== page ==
While the competition is against other bodybuilders, Solano said it’s ultimately about being your best.

“Some people just have the genetic structure to build muscle faster or have a better shape,” she said. “It’s all about shape and symmetry. So you can’t go into a competition thinking, ‘Oh, they’re just perfect genetics and I’m never going to beat them.’ Just say, ‘Hey, I’m going to be the best version of me I can be.’ That’s something I’ve learned over time.”

Even though she’s now 42 years old and came to bodybuilding relatively late in life, one of her best competitions came in 2021 at the National Physique Committee’s Teen, Collegiate and Masters National Championships in Pittsburgh.

“I think was my best overall show,” she said. “That was the best physique I’ve ever had.”

Bodybuilders do not compete year-round, she said, because that level of lean physique is not sustainable.

“The training, the weightlifting, is consistent,” she explained. “But when you’re getting ready for a show, you want to lean-out and reduce your body fat. So that’s when we diet.”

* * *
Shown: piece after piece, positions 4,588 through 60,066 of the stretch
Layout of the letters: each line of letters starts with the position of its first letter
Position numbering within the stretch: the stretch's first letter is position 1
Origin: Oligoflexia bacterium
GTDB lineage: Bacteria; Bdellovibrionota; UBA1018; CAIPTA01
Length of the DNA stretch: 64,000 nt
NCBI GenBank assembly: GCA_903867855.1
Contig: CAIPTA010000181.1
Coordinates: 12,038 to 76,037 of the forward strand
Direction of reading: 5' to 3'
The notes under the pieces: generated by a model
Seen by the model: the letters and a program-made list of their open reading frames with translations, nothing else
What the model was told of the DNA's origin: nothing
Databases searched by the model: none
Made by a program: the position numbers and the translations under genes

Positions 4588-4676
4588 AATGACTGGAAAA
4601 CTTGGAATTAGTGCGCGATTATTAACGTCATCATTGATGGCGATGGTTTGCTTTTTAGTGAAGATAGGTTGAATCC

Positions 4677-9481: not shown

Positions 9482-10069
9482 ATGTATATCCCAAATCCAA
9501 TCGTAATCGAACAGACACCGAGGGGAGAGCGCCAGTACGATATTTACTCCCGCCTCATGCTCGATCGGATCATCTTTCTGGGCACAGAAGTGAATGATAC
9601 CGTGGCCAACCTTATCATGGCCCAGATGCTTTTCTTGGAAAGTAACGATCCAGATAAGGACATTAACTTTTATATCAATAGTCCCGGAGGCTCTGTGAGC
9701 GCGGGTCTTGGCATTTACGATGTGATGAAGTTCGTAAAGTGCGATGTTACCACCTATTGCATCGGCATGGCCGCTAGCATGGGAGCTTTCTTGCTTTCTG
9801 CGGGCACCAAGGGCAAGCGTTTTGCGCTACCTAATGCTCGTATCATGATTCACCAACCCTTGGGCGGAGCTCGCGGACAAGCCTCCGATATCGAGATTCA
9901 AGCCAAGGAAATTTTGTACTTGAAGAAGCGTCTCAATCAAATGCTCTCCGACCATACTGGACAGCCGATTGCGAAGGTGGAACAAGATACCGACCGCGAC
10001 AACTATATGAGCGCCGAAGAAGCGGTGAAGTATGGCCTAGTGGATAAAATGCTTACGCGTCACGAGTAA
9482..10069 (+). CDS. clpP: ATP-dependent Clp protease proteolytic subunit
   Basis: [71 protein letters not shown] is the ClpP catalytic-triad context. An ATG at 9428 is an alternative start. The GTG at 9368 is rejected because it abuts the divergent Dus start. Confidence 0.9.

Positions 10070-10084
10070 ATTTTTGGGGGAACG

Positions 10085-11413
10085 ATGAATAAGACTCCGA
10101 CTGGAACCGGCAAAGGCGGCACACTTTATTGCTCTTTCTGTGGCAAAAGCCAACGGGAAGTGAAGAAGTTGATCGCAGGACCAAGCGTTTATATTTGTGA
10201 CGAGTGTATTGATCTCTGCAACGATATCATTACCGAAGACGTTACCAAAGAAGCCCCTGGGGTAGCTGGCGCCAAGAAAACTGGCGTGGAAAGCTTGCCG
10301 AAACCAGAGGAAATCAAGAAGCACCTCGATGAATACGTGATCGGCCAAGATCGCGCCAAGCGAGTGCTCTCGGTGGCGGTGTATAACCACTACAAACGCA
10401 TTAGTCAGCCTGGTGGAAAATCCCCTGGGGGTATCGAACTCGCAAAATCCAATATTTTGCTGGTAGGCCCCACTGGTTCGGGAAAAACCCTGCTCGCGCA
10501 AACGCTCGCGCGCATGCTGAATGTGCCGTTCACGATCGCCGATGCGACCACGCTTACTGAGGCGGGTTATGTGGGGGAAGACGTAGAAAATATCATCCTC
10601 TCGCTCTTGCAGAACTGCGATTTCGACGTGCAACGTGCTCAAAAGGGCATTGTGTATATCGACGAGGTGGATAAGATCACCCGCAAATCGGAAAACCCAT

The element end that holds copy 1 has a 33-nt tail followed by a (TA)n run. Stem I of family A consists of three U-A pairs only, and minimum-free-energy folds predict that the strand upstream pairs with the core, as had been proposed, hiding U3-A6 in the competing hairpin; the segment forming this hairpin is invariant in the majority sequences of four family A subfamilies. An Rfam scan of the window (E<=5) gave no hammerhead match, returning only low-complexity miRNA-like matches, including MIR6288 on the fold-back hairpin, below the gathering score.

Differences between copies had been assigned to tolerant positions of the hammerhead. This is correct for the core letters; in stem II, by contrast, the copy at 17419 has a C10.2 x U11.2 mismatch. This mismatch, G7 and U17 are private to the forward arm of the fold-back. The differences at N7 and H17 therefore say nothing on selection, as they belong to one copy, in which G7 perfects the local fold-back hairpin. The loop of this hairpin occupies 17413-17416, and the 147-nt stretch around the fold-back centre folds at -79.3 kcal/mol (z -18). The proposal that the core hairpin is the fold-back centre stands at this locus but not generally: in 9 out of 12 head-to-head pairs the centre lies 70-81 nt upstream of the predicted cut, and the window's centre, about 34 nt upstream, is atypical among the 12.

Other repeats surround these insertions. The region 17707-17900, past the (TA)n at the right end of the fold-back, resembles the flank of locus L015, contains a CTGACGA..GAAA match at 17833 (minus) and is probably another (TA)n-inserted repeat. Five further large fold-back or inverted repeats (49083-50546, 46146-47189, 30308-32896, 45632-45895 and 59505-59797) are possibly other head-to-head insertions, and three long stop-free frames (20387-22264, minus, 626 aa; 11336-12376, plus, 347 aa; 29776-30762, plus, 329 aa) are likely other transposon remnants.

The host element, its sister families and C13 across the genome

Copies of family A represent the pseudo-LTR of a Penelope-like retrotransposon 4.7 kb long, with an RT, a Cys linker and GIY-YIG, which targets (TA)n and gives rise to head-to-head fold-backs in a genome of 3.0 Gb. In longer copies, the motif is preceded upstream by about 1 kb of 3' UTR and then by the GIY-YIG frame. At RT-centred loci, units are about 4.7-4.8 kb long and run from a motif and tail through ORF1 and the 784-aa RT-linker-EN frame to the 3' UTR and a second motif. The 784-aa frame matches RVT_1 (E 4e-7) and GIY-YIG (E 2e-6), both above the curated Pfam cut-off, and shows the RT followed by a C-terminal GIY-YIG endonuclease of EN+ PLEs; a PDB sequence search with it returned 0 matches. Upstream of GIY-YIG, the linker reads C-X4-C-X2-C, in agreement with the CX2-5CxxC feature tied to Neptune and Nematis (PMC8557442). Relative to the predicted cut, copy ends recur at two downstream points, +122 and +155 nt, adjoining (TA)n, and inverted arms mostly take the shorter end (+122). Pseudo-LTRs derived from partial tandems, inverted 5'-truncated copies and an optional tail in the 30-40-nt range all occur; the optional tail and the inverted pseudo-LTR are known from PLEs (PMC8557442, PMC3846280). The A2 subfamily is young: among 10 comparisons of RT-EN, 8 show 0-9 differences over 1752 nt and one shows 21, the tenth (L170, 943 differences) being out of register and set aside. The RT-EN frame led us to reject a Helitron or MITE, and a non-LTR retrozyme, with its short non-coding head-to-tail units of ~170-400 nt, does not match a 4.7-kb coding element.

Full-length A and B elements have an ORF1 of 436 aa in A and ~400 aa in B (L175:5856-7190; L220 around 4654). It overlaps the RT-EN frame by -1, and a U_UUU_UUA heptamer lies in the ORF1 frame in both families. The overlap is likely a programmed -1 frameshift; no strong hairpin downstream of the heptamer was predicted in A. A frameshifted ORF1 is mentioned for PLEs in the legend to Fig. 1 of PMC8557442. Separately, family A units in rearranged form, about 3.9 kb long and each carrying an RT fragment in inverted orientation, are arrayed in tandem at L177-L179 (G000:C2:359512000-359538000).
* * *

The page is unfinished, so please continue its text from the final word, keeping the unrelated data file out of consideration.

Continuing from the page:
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Rachel Solano poses for judges during a competition in Pittsburgh in 2021. She felt she was in her best physique ever. Photo by Jose Yau.

Solano said there two seasons for a bodybuilder — improvement season and competition season.

“In improvement season you’re eating in a surplus usually because you’re trying to grow muscle as much as possible,” she said. “So, lots of food in that improvement season. And then come competition season you just slowly start dieting and cutting calories.”

Solano diets from 13 to 16 weeks out before a competition, losing about 25 to 30 pounds in the process.

“As a chef, I know which ingredients are more caloric,” she said. “As an athlete, I know which ones are going to help me perform in the gym. So I’m very strategic, especially in that competition diet phase, where my higher-calorie meals are centered around my workouts, all the while I’m dieting.”

During that stretch she takes weekly assessments with photos to determine how lean she is becoming.

In the Kitchen